“Doublethink” is the Test of a First-Rate Intelligence


Doublethink means the power of holding two contradictory beliefs in one’s mind simultaneously, and accepting both of them.
George Orwell, “1984”

The test of a first-rate intelligence is the ability to hold two opposed ideas in mind at the same time and still retain the ability to function.
F. Scott Fitzgerald

ergo

Doublethink is the test of a first-rate intelligence.

Q.E.D.

Intelligent Design. What Does It Mean?


Some time ago, I made a post “Created or Evolved?” arguing that technology which is thought to be created, in fact, does not have a specific creator and rather evolves.

In my previous post, “Intelligence is in the Eye of the Beholder“, I pointed out that the term intelligence refers to the level of complexity.  The term intelligent is usually reserved for systems complex enough that we don’t quite understand their behavior.  Once we fully understand the system behavior, the illusion of intelligence disappears.  This is why, although we have very complex devices today doing very sophisticated things, it is still believed that “artificial intelligence” (AI, for short) is still in the future.  I think, it will always be.

Another necessary feature of intelligence is a perceived purpose.  If we don’t see a purpose in system’s behavior, we don’t call the system intelligent.

Now, let’s put the pieces together and answer the question, was the world intelligently designed by a creator or has it evolved?  Since even things created by humans do not have a single creator and rely on fusion of ideas to evolve from simple to complex, the world has, certainly, evolved.  However, when a system appears to have a purpose and we do not fully understand how it works, we tend to consider it intelligent or designed by an intelligent agent. And the world does seem to fit this description.

Intelligence is in the Eye of the Beholder


SelfAwarePatterns has recently made a post titled “Let artificial intelligence evolve? Probably fruitless, possibly dangerous” arguing that if we want to create intelligent machines, we must let them survive in the real world and let them evolve.  I made a comment that may be worth turning into a post.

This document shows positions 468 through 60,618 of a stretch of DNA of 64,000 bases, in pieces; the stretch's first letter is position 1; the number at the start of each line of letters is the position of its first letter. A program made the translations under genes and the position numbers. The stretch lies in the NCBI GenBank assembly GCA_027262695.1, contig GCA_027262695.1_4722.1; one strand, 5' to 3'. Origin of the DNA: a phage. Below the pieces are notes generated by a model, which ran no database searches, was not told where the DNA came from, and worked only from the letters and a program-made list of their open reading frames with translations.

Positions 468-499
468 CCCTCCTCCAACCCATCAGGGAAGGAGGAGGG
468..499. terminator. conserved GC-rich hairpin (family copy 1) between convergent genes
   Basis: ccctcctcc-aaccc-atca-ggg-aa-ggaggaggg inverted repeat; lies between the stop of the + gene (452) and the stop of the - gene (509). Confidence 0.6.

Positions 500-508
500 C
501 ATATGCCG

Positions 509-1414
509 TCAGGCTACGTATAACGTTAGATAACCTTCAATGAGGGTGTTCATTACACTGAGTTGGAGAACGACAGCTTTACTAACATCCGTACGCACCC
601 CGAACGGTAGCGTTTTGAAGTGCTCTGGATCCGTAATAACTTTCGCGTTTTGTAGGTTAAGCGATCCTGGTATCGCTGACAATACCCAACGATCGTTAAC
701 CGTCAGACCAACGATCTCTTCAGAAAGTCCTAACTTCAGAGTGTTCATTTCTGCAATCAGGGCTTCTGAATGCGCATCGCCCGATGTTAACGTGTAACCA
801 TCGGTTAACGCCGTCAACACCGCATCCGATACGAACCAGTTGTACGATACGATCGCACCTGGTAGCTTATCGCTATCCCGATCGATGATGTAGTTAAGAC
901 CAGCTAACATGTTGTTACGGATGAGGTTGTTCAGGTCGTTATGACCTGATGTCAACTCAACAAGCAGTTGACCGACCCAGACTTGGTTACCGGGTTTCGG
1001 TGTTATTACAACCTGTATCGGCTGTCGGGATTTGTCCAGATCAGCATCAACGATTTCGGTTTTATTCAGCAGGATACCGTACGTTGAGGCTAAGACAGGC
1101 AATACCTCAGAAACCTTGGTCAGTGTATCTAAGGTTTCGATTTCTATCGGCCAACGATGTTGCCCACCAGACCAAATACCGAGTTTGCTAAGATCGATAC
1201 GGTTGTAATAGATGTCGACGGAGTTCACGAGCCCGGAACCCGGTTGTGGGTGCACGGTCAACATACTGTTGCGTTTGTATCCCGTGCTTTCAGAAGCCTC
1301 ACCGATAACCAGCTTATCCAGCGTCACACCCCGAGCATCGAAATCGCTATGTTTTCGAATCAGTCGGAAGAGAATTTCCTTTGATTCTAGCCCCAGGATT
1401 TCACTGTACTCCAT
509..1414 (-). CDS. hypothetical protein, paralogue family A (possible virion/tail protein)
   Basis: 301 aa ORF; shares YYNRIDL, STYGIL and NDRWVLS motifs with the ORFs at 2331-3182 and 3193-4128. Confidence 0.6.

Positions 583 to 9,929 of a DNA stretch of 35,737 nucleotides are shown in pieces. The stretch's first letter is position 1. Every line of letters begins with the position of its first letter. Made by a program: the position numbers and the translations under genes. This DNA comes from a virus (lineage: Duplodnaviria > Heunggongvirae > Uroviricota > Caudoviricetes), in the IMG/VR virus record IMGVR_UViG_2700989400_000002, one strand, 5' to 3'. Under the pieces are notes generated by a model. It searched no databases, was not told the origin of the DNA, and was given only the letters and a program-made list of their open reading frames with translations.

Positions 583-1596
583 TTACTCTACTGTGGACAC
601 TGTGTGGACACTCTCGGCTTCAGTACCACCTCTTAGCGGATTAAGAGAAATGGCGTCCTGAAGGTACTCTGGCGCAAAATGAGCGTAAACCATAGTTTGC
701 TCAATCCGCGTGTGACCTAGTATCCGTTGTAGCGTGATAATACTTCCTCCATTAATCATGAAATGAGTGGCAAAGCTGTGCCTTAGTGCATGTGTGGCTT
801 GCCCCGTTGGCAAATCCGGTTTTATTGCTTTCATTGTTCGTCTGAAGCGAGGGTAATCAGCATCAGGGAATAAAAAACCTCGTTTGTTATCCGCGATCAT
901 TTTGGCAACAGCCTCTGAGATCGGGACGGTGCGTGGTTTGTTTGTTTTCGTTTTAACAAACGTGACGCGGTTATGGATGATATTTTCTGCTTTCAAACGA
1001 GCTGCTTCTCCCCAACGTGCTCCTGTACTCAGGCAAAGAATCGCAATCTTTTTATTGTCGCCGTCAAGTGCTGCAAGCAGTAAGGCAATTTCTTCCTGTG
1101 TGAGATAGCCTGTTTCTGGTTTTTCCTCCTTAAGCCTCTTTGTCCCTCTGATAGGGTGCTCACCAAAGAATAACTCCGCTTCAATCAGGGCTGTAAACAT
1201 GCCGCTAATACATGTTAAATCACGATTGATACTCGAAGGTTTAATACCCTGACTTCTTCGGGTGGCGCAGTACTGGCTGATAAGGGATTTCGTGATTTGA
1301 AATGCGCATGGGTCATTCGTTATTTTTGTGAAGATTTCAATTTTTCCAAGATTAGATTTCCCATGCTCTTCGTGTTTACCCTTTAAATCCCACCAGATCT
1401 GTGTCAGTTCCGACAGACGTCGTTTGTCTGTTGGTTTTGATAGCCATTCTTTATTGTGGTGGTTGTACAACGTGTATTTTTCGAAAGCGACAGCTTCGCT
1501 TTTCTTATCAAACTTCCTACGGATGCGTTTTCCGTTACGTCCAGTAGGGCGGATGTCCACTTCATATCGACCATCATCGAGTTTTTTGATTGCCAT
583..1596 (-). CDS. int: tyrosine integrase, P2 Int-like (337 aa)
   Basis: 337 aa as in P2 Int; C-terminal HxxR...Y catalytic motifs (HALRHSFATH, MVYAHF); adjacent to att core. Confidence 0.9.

I said

Intelligence is in the eye of the beholder. “Intelligence”, perhaps, refers to the level of complexity. When a machine is complex enough that we do not understand how it makes decisions to do certain things, we call it “intelligent”. But when we understand how machine’s actions are triggered, the impression of “intelligence” disappears.

For instance, my smartphone may suddenly tell me: “Hey, if you want to be in time for that meeting, you’d better start now and, by the way, avoid that highway – there is an accident near exit 69.” That’s intelligent, right? How did it come up with such a timely and useful message? But, of course, the smartphone “knows” about the time and place of my next meeting from my Google Calendar. It also knows my current location from GPS and can calculate how long it takes to get to the meeting using Google Maps. It also knows about the traffic based on the information from thousands of smartphones on the road aggregated at the Google server. The smartphone does not just “decide” that this message would be useful to me. The smartphone knows nothing of being useful. It is programmed to do things that the designers of Google Now considered useful. So, if we don’t know all these things, the message appears intelligent. But if we do understand how things work, the impression of “intelligence” disappears.

However complex the machine, if it exists, humans (at least, some) must understand how it works. Perhaps, nobody individually, but collectively, there will be a group of experts whose knowledge covers all aspects of the machine. So, perhaps, existing machines will be never considered “intelligent” and the term “intelligent” will always be reserved for some mysterious “next generation”. Of course, nobody has an idea what the next generation of machines will do. So, it’s quite appropriate. On the other hand, we might as well consider that the AI already exists because what I described in my example would certainly blow my mind 20 years ago.

Another thought. “Intelligence” implies purpose. There are very complex natural systems with very complex behavior. But unless they do something that appears useful or purposeful to humans, they are never called “intelligent”. The term “intelligence” seems to be closely related to goal setting and decision making and, therefore, to the question of free will. Before we answer whether machines can be intelligent, we need to answer whether humans are intelligent themselves or are mere automatons. And there is no answer to this question. It’s a matter of philosophical worldview.